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The Pros and Cons of Books and TV

I’m willing to bet that the only reading the majority of college students do is required for their classes, if they even do that. It seems that reading feels like a chore to a lot of people, maybe because it requires active participation. You can’t scroll through Instagram or text your friend back without taking your eyes off of a book. Or if you can, you must be either very talented or superhuman. Reading requires your full concentration. Sometimes you have to read a paragraph multiple times, only because your mind wandered the tiniest bit.

TV, on the other hand, you can watch more passively. Of course, some people get very invested in TV shows and let what happens in their favorite shows bleed into their own lives. (Ever watch an episode of This Is Us? Be prepared to cry for five hours.) Others, however, check their phones, start up a conversation, even rest their eyes and just listen, while watching TV. It doesn’t seem to require as much effort as reading does.

It’s not like reading is “better” than watching TV (or vice versa). That’s like comparing The Office to The Sopranos or Shakespeare to J.K. Rowling (I mean, they’re both British). More and more these days, TV shows cover a wide variety of topics ¾ from gang violence to forbidden love¾ and do so in a way that feels natural, real, and honest. Viewers can see what life is like for people of all different backgrounds without even leaving their living rooms; in fact, some claim to be “raised by TV,” which is not necessarily a bad thing.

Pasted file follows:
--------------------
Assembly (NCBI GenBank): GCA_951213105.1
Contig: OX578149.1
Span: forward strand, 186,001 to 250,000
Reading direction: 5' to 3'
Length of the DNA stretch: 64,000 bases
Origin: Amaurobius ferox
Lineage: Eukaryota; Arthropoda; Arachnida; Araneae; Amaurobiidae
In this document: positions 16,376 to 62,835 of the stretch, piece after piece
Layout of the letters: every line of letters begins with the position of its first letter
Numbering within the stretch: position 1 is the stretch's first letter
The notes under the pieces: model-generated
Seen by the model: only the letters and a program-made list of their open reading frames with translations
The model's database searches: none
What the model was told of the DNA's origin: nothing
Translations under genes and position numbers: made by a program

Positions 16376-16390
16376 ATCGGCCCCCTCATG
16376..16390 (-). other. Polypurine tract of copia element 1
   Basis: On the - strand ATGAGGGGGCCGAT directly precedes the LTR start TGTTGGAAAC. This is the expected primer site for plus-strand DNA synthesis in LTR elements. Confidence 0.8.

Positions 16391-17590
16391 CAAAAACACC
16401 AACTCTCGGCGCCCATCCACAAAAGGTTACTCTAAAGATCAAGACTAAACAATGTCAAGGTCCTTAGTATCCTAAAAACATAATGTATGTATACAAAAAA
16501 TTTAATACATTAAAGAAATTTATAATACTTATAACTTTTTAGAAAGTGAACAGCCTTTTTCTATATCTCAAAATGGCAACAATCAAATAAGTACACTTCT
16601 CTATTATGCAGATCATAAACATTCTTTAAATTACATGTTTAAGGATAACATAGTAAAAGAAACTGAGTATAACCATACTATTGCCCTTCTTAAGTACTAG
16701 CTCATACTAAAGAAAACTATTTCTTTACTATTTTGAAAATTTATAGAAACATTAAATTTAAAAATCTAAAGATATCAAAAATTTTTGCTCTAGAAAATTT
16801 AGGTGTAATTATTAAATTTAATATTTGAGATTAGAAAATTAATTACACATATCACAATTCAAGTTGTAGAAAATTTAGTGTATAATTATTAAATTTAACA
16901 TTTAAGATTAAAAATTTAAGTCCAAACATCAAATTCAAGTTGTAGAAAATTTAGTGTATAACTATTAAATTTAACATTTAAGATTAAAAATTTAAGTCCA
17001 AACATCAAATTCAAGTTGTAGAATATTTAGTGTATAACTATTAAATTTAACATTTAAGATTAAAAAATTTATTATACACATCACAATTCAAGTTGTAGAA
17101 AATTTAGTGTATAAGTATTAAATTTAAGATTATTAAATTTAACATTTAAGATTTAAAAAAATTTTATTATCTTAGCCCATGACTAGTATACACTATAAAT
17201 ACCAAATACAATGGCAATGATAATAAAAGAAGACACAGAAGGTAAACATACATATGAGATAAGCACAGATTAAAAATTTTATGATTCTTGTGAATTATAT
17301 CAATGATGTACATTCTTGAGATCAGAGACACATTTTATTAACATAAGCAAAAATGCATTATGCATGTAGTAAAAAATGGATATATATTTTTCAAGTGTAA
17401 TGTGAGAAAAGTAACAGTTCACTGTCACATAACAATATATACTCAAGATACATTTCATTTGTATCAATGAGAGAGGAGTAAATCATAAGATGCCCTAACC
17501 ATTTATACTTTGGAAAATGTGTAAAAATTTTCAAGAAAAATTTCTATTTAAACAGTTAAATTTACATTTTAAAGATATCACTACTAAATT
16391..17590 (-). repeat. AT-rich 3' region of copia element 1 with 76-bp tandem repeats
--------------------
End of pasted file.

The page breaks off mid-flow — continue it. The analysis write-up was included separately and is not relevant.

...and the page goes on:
Since I came to college, I have done a lot of watching TV (aka too much) and not enough reading. I haven’t read for pleasure in so long that I didn’t think I would like it anymore. Last Saturday, I spent almost the entire day reading a novel (disclaimer: I will admit it was for an English class, but that doesn’t mean it wasn’t “for pleasure”), and I loved every minute of it. Of course, it helps if it’s well-written or about a topic you enjoy. I never got bored, maybe because it took my full concentration. To my surprise, after I was finished, I didn’t feel burned out and my eyes didn’t hurt like they would after a day spent watching TV. I felt productive, even refreshed!

My experience reminded me of a quote from ICarly. After Sam, who has sworn off reading, decides to pick up a book, she discovers she actually enjoys it and exclaims, “It’s like TV in your head!”. I couldn’t have said it better myself. And if reading brings your own imagination to life, then TV is the product of someone else’s imagination brought to life right in front of your eyes. But if too much TV is making your eyes hurt, give yourself a break from the screen and pick up a book. You might discover ¾ like Sam did ¾ that you actually enjoy it after all.

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